In our worry feature, we identified six types of worriers and asked experts, including a Buddhist psychotherapist and a social-science researcher, to show us how each type can get a handle on their hand-wringing. Is this one you?
Worry Profile: The Fortune-Teller
You believe your worry is a barometer or sign of future catastrophe. You live under the assumption that your worries predict what the future holds. If it's on your radar as a cause for concern, it must, therefore, be a true threat.
The problem, says Denise Marek, author of "CALM: A Proven Four-Step Process Designed Specifically for Women Who Worry," lies in an inability to tell the difference between worry and intuition. It's easy to see how we might get the two confused, since they share trademark signs: a sense of impending doom, a change in physical sensation (nagging headache, nervous stomach). But there's one key differentiating factor. "Intuition starts as a feeling," says Marek. "Worry starts as a thought.
"To tell the difference, tune in to what comes first. For instance, you may get the heebies when you're introduced to a new colleague. It could be your intuition telling you he can't be trusted. But if you're already worried about your job security, the unsettled feeling may really reflect worry, not intuition -- in this case, that this guy poses a threat to your position. "If you worry that something bad may happen, the resulting nagging or negative sensation can cause you to misread that signal," says Marek. Another key distinguishing factor: "Worry breeds anxiety, but intuition breeds calm," says Marek. If your worrying worsens, reducing your ability to focus, chances are it's stemming from anxiety. Intuition, on the other hand, often brings clarity, insight, and sound decision-making; you feel more sure, not less, of what you need to do.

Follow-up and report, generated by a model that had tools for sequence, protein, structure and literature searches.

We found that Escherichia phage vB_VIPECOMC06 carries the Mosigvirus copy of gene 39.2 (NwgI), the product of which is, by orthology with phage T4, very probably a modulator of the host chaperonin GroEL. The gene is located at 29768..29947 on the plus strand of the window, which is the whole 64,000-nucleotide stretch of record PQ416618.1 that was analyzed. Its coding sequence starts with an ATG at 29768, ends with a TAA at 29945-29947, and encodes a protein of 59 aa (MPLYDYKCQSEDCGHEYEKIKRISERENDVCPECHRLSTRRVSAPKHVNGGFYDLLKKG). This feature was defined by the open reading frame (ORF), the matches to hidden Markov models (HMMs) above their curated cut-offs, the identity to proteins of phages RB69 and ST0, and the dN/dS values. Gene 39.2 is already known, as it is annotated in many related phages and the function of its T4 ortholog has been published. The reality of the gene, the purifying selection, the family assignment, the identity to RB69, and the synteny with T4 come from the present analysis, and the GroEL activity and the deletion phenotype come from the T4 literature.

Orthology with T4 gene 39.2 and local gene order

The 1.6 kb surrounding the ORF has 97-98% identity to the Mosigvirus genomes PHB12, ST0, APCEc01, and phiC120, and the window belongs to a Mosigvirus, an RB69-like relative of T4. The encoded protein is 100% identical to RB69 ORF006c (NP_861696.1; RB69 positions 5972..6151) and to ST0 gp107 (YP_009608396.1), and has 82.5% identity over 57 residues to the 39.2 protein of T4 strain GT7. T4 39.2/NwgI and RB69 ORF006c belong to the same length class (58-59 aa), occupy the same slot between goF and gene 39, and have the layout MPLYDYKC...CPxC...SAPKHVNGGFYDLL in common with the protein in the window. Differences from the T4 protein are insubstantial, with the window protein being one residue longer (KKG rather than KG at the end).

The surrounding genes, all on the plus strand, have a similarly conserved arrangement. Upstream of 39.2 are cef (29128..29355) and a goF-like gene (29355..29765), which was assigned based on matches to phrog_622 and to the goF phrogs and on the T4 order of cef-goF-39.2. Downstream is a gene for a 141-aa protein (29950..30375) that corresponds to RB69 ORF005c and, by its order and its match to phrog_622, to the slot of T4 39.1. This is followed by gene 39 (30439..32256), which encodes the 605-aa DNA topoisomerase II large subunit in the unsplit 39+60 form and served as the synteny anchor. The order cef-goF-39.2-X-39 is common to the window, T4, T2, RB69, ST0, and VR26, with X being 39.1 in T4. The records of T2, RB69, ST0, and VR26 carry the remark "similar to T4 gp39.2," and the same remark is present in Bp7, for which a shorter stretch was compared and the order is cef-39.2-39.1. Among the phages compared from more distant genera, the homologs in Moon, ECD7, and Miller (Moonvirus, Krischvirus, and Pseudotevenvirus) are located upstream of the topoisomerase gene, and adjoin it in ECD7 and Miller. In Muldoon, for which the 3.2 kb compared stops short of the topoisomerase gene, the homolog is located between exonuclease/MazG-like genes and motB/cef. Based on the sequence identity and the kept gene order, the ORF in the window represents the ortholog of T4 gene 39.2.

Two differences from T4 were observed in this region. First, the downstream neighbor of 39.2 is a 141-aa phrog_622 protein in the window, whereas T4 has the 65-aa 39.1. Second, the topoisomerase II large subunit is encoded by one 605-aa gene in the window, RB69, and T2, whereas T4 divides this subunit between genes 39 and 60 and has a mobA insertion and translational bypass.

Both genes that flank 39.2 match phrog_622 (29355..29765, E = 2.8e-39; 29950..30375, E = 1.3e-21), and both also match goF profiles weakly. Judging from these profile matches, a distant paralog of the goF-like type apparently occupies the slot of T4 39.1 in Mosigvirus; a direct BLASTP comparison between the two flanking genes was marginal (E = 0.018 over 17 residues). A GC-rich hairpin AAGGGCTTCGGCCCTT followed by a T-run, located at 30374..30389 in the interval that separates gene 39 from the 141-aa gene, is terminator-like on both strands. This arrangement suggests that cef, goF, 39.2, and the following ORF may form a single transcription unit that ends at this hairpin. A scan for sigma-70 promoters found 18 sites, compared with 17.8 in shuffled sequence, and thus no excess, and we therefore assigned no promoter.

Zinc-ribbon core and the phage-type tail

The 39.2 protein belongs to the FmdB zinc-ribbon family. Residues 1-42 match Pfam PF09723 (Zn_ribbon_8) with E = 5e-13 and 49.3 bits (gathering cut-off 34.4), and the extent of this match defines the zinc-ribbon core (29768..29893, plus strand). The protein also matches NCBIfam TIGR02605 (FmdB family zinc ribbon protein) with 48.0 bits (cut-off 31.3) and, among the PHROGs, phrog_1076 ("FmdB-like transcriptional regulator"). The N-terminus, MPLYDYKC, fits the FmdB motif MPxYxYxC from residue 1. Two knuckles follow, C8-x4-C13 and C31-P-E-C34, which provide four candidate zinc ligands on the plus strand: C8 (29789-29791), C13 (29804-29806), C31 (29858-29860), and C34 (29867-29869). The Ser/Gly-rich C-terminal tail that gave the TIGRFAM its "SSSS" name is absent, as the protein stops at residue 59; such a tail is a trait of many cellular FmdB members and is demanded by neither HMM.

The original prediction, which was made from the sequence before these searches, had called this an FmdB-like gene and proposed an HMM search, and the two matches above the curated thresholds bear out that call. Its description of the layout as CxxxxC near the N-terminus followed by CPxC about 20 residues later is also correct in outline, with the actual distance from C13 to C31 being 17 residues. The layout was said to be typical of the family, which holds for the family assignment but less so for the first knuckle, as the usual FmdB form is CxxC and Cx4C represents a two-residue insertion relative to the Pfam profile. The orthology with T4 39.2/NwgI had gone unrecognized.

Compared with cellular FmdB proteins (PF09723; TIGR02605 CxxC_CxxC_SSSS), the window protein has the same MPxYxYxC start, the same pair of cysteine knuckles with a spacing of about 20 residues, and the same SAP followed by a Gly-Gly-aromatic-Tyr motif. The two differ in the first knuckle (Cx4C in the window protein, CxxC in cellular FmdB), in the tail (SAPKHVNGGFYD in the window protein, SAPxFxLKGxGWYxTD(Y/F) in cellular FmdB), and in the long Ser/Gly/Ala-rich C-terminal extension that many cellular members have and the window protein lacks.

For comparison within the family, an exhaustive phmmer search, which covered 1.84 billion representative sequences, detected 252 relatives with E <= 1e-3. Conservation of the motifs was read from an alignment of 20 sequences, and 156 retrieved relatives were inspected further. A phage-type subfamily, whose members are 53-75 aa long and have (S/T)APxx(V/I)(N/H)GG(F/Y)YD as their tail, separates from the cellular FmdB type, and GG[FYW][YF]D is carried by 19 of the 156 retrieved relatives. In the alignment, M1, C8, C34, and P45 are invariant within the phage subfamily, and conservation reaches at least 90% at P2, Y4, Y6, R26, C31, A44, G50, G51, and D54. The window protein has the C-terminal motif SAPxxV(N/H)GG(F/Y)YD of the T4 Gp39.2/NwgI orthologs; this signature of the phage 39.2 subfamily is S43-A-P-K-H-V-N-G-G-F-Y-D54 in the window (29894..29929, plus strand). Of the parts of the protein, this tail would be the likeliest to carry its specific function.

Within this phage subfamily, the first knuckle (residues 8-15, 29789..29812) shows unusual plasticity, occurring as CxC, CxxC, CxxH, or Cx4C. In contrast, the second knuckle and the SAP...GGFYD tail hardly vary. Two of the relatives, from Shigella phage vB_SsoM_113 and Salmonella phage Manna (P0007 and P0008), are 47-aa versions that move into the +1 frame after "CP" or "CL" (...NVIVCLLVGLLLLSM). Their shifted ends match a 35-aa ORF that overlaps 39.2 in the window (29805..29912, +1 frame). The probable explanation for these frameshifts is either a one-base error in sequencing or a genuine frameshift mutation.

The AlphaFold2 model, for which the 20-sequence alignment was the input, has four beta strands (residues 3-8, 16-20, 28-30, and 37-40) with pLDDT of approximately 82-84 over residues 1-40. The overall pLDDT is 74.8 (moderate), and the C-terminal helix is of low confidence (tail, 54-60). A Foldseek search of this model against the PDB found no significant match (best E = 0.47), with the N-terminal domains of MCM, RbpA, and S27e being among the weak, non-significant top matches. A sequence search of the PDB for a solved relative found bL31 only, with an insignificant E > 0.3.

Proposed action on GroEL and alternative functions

Take the Intuition Test
Pay close attention not just to the physical sensations you experience, but to how and when you began to feel them. If you experience a gut feeling, take a closer look at what may be the source of it. If it resulted from an interaction or a fleeting insight, ask yourself what might have caused it. If it came as a result of thoughts, chalk it up to worry-induced anxiety, and let it go.
Psychotherapist and yoga expert Stephen Cope, author of "The Wisdom of Yoga: A Seeker's Guide to Extraordinary Living"; Dr. Robert Leahy, cognitive psychologist and author of "The Worry Cure: Seven Steps to Stop Worry from Stopping You."
Text by Terri Trespicio; illustrations by Laura Levine
© 2013 Martha Stewart Living Omnimedia. All rights reserved.